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For a while the estate agent’s mantra ‘Location, location, location’ has been purloined by crime fiction with the ever expanding glut of international works translated into English offering a broadening range of geographical settings. With Shadow of the Rock, British author Thomas Mogford appears to be carving out his own niche with his Gibraltar-based protagonist lawyer, Spike Sanguinetti. On the surface, Shadow of the Rock may appear to be a Gibraltar-set novel but most of the story and action take place in Morocco. And in this, the start of a series, Mogford makes it clear that Paganini-loving Spike’s future outings may take him to locales further afield due to his family history and because Gibraltar places the lawyer at the hub of busy international economic activity. So, let’s start with our introduction to Spike, his home turf and his foray across the Straits into Morocco.
Spike’s humid summer evening is interrupted when an old school friend of his – Solomon Hassan – turns up at his home. Settled into a career in Morocco, Solomon is suddenly on the run after a Spanish girl has been found with her throat cut on the beach in Tangiers. Having been seen with her, Solomon is the prime suspect, but he has managed to slip away illegally and wants to avoid return. Even though Spike is a tax and not a criminal lawyer, Solomon wants his help with the case, especially to delay extradition. Spike is confident that his old friend is not capable of murder so he reluctantly takes on the case and travels to Tangiers to gather evidence. There, he encounters the Bedouin worker Zahra who is investigating the disappearance of her father, and who was the last person to see the Spanish girl alive. Soon, Spike is steering his own route through a trail of deceit and corporate corruption with his personal safety at risk, and with little help from cynical local police Inspector, Hakim Eldrassi.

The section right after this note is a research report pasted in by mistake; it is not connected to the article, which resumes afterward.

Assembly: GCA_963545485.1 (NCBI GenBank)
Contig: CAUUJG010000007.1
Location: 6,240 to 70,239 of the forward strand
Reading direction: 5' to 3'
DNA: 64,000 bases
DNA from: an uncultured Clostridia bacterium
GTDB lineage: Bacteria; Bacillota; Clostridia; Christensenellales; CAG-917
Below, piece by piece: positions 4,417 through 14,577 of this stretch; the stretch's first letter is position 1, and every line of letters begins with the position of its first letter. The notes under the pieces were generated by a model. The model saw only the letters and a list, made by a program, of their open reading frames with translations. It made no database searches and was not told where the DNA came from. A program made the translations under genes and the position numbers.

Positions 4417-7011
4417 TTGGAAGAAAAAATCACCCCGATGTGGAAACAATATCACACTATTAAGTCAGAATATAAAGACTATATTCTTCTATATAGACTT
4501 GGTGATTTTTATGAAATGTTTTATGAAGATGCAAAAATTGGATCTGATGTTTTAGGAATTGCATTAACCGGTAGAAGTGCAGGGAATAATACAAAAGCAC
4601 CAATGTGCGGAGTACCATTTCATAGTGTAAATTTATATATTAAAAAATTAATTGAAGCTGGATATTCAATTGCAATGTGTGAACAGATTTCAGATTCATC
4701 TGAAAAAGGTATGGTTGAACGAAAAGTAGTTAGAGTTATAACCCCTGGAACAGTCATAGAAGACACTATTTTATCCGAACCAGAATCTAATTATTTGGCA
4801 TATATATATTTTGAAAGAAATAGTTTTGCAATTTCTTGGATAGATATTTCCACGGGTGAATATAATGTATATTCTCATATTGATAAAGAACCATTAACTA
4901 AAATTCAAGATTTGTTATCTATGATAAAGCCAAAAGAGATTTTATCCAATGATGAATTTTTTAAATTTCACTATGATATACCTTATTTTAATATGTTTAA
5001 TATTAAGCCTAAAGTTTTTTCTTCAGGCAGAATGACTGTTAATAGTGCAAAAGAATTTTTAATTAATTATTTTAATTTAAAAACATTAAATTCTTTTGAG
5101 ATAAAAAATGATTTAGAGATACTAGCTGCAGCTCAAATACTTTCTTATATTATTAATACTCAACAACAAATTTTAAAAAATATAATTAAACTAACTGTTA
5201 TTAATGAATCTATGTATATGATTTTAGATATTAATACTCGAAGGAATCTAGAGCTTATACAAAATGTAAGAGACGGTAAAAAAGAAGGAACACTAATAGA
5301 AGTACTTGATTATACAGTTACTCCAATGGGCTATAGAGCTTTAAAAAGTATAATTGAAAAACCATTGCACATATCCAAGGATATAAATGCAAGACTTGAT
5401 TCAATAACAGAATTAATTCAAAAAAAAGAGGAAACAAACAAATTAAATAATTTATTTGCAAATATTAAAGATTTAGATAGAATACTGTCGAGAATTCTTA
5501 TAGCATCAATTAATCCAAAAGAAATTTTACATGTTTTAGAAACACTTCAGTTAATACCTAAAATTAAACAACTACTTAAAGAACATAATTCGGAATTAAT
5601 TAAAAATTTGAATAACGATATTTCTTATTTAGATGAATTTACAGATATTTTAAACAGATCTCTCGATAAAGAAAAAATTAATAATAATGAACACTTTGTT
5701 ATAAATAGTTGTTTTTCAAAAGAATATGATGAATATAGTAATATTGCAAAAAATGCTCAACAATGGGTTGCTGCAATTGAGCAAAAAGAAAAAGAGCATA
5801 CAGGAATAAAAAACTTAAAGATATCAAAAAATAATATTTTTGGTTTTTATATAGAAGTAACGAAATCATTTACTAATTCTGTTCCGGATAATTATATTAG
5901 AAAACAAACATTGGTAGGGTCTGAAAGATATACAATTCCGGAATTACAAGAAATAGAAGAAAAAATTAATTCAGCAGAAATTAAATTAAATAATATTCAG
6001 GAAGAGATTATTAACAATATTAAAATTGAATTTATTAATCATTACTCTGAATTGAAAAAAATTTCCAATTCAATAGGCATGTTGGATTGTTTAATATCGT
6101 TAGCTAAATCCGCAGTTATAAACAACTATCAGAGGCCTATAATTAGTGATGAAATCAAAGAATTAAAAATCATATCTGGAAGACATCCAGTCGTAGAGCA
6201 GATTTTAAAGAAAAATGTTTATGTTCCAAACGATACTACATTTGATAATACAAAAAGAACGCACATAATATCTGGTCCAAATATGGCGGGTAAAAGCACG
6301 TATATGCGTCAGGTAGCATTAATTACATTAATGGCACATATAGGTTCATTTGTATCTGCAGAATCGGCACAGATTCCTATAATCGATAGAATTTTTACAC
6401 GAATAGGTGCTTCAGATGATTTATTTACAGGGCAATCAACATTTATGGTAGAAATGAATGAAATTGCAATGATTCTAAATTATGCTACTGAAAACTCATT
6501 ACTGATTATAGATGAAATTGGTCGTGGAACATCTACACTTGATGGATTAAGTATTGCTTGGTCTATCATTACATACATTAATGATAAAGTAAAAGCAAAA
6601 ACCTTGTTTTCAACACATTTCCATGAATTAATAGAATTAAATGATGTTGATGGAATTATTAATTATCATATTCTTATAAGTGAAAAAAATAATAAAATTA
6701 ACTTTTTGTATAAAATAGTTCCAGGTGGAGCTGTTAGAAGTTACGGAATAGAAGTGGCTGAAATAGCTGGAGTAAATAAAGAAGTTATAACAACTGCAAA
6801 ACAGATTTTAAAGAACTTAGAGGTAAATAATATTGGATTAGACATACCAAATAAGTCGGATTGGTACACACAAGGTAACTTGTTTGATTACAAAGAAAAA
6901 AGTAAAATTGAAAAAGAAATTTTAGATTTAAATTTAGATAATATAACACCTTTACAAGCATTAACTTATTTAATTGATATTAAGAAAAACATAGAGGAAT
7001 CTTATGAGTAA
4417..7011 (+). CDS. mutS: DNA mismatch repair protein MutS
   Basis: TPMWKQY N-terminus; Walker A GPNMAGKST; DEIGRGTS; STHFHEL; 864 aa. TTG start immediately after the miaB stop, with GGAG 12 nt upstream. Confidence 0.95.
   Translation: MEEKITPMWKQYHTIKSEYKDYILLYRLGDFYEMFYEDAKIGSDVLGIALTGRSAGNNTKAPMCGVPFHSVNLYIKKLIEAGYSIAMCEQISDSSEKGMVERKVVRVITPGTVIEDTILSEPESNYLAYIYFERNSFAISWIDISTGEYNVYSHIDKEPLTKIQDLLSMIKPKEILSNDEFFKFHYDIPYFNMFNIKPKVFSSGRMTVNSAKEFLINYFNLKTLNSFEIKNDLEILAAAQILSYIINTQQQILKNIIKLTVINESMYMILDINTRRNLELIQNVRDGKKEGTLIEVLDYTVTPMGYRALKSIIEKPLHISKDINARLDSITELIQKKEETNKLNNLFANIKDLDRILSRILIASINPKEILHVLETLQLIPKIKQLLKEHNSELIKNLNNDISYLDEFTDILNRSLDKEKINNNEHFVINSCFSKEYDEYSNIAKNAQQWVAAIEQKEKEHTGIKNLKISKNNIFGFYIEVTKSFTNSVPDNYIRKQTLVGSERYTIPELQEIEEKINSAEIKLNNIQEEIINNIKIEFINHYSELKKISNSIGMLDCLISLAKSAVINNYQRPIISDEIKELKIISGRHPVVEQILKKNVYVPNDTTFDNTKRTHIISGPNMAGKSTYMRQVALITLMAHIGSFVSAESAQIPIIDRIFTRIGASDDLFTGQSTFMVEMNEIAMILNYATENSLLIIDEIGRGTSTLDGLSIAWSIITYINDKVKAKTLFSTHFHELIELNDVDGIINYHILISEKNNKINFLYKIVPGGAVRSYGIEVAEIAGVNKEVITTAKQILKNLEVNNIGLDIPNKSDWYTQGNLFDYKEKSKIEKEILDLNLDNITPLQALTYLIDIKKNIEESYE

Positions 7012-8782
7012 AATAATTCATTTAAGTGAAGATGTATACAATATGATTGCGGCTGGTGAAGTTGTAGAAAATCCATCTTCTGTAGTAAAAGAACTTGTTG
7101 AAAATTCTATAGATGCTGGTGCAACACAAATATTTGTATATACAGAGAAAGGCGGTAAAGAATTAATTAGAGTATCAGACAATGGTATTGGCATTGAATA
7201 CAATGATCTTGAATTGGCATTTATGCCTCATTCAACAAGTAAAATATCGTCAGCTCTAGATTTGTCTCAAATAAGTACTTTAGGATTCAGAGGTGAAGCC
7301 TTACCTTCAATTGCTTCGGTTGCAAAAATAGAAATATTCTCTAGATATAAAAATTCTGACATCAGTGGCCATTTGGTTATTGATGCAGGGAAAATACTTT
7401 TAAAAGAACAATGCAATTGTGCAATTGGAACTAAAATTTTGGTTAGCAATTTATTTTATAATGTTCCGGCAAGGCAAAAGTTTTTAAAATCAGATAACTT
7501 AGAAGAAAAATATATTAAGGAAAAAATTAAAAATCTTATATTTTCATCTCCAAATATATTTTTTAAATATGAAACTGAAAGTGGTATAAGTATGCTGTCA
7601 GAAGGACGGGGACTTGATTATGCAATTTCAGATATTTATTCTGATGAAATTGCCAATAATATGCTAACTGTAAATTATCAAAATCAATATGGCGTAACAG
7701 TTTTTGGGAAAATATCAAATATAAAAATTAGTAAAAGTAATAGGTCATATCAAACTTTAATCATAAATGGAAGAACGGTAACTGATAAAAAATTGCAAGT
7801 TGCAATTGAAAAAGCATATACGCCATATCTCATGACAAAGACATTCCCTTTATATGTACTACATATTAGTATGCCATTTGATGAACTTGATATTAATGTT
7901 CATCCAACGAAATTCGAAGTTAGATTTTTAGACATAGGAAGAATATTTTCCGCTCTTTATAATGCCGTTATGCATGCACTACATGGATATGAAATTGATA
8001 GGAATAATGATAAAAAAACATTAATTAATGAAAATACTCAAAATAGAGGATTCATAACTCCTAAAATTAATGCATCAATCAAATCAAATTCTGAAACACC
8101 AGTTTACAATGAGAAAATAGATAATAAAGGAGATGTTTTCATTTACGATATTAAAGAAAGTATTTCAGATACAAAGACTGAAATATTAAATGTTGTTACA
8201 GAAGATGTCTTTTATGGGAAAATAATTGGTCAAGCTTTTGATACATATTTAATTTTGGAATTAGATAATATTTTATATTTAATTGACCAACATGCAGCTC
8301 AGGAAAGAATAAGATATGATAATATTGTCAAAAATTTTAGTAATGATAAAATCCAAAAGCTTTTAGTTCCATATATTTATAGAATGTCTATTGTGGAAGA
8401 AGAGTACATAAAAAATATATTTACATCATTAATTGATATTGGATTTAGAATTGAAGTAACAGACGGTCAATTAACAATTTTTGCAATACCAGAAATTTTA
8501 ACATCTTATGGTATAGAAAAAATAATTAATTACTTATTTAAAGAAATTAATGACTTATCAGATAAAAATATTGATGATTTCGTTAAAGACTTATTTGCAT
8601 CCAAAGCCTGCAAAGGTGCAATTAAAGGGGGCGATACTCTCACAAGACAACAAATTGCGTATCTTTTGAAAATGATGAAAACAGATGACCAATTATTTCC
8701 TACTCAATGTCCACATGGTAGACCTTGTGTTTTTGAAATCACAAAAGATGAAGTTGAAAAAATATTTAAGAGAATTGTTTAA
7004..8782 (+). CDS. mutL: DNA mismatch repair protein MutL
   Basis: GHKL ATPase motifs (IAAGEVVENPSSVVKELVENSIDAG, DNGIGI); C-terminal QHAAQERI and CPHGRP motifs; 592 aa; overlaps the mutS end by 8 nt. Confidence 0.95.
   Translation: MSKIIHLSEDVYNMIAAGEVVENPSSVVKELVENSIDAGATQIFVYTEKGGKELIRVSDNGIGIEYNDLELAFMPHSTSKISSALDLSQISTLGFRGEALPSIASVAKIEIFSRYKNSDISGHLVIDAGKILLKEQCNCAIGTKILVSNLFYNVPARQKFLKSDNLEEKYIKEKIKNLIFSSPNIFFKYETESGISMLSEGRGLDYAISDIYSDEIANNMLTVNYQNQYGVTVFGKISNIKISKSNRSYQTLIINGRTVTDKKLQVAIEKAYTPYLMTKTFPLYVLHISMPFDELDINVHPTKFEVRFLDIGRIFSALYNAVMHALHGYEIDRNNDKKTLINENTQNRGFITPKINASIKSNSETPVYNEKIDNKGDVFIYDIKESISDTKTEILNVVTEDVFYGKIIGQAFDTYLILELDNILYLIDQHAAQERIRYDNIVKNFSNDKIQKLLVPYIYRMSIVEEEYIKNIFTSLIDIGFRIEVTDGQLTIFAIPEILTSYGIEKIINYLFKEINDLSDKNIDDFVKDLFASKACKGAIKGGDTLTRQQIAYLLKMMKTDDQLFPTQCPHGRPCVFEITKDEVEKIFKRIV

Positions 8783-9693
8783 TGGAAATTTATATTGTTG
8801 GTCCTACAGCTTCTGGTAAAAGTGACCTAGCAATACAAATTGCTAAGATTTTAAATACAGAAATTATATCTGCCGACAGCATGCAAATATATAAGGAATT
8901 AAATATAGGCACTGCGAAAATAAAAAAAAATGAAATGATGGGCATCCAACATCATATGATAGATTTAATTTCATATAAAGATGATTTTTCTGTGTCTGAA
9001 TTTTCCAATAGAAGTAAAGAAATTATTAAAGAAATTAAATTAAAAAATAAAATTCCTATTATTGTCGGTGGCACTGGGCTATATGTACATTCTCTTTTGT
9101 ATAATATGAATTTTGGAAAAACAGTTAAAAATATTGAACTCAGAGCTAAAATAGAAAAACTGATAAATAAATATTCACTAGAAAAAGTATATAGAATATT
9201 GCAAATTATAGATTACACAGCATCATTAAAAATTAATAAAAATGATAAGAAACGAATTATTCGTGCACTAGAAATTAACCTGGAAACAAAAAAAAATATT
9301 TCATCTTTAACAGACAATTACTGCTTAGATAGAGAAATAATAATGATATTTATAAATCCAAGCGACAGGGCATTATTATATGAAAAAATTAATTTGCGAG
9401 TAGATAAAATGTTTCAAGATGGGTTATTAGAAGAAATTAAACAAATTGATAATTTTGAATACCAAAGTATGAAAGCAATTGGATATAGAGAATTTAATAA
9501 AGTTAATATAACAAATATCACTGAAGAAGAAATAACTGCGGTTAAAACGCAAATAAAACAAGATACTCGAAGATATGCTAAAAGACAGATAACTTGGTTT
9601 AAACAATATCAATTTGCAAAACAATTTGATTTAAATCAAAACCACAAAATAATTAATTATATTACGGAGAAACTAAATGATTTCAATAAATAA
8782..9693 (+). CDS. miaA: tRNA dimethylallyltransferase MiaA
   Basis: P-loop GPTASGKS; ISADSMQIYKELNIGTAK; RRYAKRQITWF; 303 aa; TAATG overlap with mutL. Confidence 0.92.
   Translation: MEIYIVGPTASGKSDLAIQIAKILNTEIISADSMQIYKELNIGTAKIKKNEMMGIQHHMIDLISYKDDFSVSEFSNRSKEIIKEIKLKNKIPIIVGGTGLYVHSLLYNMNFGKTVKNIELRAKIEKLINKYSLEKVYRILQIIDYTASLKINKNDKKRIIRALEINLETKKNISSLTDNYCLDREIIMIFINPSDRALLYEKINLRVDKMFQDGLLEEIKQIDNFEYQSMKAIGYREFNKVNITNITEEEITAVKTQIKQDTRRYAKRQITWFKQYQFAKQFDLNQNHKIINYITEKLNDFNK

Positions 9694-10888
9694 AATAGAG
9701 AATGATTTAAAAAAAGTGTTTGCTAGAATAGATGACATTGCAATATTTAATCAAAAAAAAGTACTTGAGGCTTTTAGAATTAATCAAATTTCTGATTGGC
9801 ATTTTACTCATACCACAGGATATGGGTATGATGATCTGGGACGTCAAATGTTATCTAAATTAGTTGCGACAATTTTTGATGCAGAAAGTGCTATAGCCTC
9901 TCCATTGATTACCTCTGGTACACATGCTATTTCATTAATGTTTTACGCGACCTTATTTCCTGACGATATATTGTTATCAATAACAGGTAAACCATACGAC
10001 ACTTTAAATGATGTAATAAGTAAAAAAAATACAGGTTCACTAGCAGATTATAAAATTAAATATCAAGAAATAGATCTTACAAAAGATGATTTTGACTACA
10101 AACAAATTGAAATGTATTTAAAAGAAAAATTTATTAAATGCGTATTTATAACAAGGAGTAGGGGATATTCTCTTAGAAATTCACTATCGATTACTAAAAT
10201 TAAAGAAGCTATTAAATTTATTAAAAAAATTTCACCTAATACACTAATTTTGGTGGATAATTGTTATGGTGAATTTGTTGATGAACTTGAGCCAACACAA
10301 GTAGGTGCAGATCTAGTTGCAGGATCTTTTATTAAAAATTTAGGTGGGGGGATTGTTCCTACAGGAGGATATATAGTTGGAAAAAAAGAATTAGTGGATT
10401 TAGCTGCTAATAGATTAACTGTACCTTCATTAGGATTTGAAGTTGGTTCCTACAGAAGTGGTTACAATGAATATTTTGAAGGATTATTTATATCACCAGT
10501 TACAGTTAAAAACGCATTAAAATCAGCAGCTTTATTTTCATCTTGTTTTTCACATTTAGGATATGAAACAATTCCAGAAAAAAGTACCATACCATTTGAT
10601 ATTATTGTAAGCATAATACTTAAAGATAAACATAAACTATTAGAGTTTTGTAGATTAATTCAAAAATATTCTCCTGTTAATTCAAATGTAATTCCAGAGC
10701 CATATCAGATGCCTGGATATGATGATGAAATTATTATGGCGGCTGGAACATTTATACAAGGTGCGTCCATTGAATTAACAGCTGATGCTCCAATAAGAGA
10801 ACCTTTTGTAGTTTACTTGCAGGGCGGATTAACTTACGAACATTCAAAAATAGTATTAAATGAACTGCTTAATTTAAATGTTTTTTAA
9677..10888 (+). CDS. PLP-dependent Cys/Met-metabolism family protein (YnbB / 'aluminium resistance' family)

By employing previously little-used locations in Shadow of the Rock Mogford has created a story of modern intrigue well-drenched in a rich evocation of setting, culture and history. The author displays a keen eye and considerable talent for vivid and beautiful description. The plot follows a linear route told from Spike’s point of view with some minor characters memorably drawn, e.g. a philosophical hotel receptionist. However, a little oddly, we may learn of Spike’s background in this first Sanguinetti Mystery but at the end of the book it is possible to conclude that the character of Spike still remains quite well-hidden. I’d hope to see his character fleshed out more in the second of the series (especially after one of his actions coming towards the end of this novel).
Taking in a variety of cultures and levels of wealth from poverty to ridiculously rich in a plot that is disclosed as a flower may open, Mogford’s Shadow of the Rock utilises short and sharp chapters to navigate this with pace. For its settings alone, the novel provides a welcome and enjoyable addition to the canon of British written crime fiction. The first question to be asked for the second novel has to be ‘Will Spike return to his role as a tax lawyer?’ One hopes that now that he has crossed the divide back into criminal work that he remains there and can offer more suitable cases for crime readers. The Shadow of the Rock is one for those who love their crime fiction steeped in extra intrigue provided by more unusual locations.
Note to readers: the novel does contain one scene of rather brutal violence.
Shadow of the Rock was published by Bloomsbury in the UK on 2 August. The book is also available in the US, see Amazon link here.